“Shouldn’t you be getting ready for the school bus?” I asked while I was wondering when she showed up.

“I am ready,” she said.

“Oh, okay.”  I looked at the clock.  It was time to go outside to wait for the school bus.  “Why don’t you kids get your backpacks and head out to the garage?”

“Okay,” they both said in tandem.  “But,” just my daughter now, “what is the problem?”

“This hole in the wall,” I said.

She giggled.  “Daddy, we have a lot of holes in the wall.” 

Everyone is a smart-aleck.  “Most of them aren’t two-dimensional black-holes.” 

For a moment, she had a perplexed look on her face, then she smiled and said, “Can you come outside to wait for the bus with us?”

I looked at the hole, then down at her, then back at the hole.  “Okay.  I suppose the hole can wait ten minutes.”

“Are you staying home from work because of the hole, Daddy?”

“Probably.”  I climbed off the chair and followed her out the office door into the foyer and on toward the bathroom, where I noticed the light was still on.  “Is somebody in there?” I asked.

“I am,” my other daughter said.

“What are you doing?”

“Brushing my hair.”


“I’m almost done.”  She was almost done forty-five minutes ago, too.

“Well, the bus is coming soon and I am not driving you to school if you miss it.”  I walked a couple steps more, then paused.  “It’s Monday, don’t forget your violin.”

“I won’t.”  The light went off as I walked through the laundry room to the garage and out to the street where the two younger kids were already kicking stones and running amok through the neighbor’s yard.  That’s how they wait for the bus. 

My other daughter finally emerged from the house as the bus pulled up.  Before getting on, my younger daughter asked, “Why is that particular hole a problem?”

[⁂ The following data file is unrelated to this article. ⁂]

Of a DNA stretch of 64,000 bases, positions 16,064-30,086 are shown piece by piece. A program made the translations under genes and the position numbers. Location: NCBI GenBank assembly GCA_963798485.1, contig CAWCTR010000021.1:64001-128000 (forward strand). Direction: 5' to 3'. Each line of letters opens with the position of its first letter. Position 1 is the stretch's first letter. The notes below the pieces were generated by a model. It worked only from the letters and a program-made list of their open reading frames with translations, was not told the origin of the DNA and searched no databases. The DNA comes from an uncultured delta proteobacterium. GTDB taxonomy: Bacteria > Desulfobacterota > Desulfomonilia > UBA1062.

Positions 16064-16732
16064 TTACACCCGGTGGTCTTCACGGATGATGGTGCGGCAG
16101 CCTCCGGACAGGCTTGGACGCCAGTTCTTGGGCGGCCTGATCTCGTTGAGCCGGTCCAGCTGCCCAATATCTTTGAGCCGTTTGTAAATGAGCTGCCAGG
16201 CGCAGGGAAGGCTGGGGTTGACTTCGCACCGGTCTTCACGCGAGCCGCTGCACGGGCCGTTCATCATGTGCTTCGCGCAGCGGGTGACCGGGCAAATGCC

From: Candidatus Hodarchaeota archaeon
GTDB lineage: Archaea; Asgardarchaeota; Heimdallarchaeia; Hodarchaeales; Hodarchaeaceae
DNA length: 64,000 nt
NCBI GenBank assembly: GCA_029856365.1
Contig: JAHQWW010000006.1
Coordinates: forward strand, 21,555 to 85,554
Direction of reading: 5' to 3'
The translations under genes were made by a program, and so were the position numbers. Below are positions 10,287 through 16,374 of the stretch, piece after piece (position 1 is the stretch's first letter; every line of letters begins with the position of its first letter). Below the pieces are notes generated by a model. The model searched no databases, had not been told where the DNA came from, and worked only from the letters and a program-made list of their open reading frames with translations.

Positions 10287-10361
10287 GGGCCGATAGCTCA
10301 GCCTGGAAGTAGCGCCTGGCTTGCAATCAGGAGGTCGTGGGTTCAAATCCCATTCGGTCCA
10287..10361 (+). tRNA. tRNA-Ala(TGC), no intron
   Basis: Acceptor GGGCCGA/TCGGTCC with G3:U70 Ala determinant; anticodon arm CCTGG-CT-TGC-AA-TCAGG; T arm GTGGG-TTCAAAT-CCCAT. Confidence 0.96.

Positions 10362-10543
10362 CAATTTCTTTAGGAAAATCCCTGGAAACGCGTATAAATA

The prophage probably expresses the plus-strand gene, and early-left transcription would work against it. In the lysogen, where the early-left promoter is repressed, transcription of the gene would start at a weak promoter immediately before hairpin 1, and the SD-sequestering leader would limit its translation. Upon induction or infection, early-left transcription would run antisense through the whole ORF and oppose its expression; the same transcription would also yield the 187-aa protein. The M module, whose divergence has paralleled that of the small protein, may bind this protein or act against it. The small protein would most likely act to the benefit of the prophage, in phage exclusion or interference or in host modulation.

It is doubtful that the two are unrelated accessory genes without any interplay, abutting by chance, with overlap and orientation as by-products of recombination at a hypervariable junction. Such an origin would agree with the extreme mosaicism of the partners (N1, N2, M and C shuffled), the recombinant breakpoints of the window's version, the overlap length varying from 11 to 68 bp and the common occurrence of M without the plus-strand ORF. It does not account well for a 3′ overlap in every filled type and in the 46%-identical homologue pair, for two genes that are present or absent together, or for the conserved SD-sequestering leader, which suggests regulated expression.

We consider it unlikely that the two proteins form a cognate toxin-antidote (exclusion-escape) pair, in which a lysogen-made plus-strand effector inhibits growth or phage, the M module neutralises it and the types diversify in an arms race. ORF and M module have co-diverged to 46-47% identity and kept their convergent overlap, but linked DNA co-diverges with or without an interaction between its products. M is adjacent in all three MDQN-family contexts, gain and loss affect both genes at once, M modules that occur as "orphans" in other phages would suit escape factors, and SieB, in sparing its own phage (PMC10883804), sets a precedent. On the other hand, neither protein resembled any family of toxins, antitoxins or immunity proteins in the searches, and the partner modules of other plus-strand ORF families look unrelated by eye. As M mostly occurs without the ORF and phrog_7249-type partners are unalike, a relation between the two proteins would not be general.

“Because it’s growing,” I said, “I need to stay home from work today so I can fix it.”

“Okay,” she said, then bounded away, disappearing into the bus.  I waved at the driver, then went back inside to deal with the hole.  That would be much easier with the kids gone.  I walked back into the office and sat down in my computer chair, looking up at the two-dimensional black hole stuck in my wall.  Fix it?  How?

Spackle!  I rushed out to the garage and picked up the container of spackle from the workbench.  After a few minutes of digging for my putty knife, I went back into the office to spackle that hole, only to discover that the spackle was a little dry.  Well, it was worth a shot.

I scooped a bit of crumbly spackle onto my putty knife and mashed it into the hole.  After smoothing it down, I went into the kitchen to grab another cup of coffee.  When I got back to the office, the hole had grown, and the spackle chunk was lying on top of my printer.

After fishing the spackle out of the paper feed tray, where it dropped as I tried to pick it up, I sat down to think about what to do next.  After a few minutes, I spun my chair around and reached for my astronomy book.  I needed to brush up on black holes to know what I was up against.  A two-dimensional black hole had no right to exist.  Well, I suppose it had as much right to exist as I did, but it still violated every law of physics I ever learned in college.  Not that I didn’t invent some physics on exams, but in this case, I was pretty sure that the thing shouldn’t really exist.  I just didn’t know how to convince the black hole.

I yawned, then set the physics book on the floor on top of the January issue of Barron’s and a stray sock, then looked back at the hole in the wall.  It was now about the size of a quarter.  I glanced at the clock and decided that I had to at least get that hole out of my wall before it consumed the whole thing. 

The problem with being a pack rat is that there isn’t anywhere to put things, so I moved my printer to the top of my fax machine to prevent drywall dust from falling into it.  (I’m not sure which device I was trying to protect.)  After a fifteen minute hunt for my box knife, and another five to change to a sharp blade, I stood up on that chair and cut a square six inches to a side, with the black hole in the center – well, a little off-center, but close.

I had a scare as the piece almost fell inside the wall, but I caught it with the blade of the box knife and managed to work it out of the wall.  After retracting the blade, I stuck the box knife into my pocket (don’t laugh, I’ve done it without retracting the blade), then climbed off the chair and carried my specimen to the kitchen.  I set it flat on the table while I phoned work.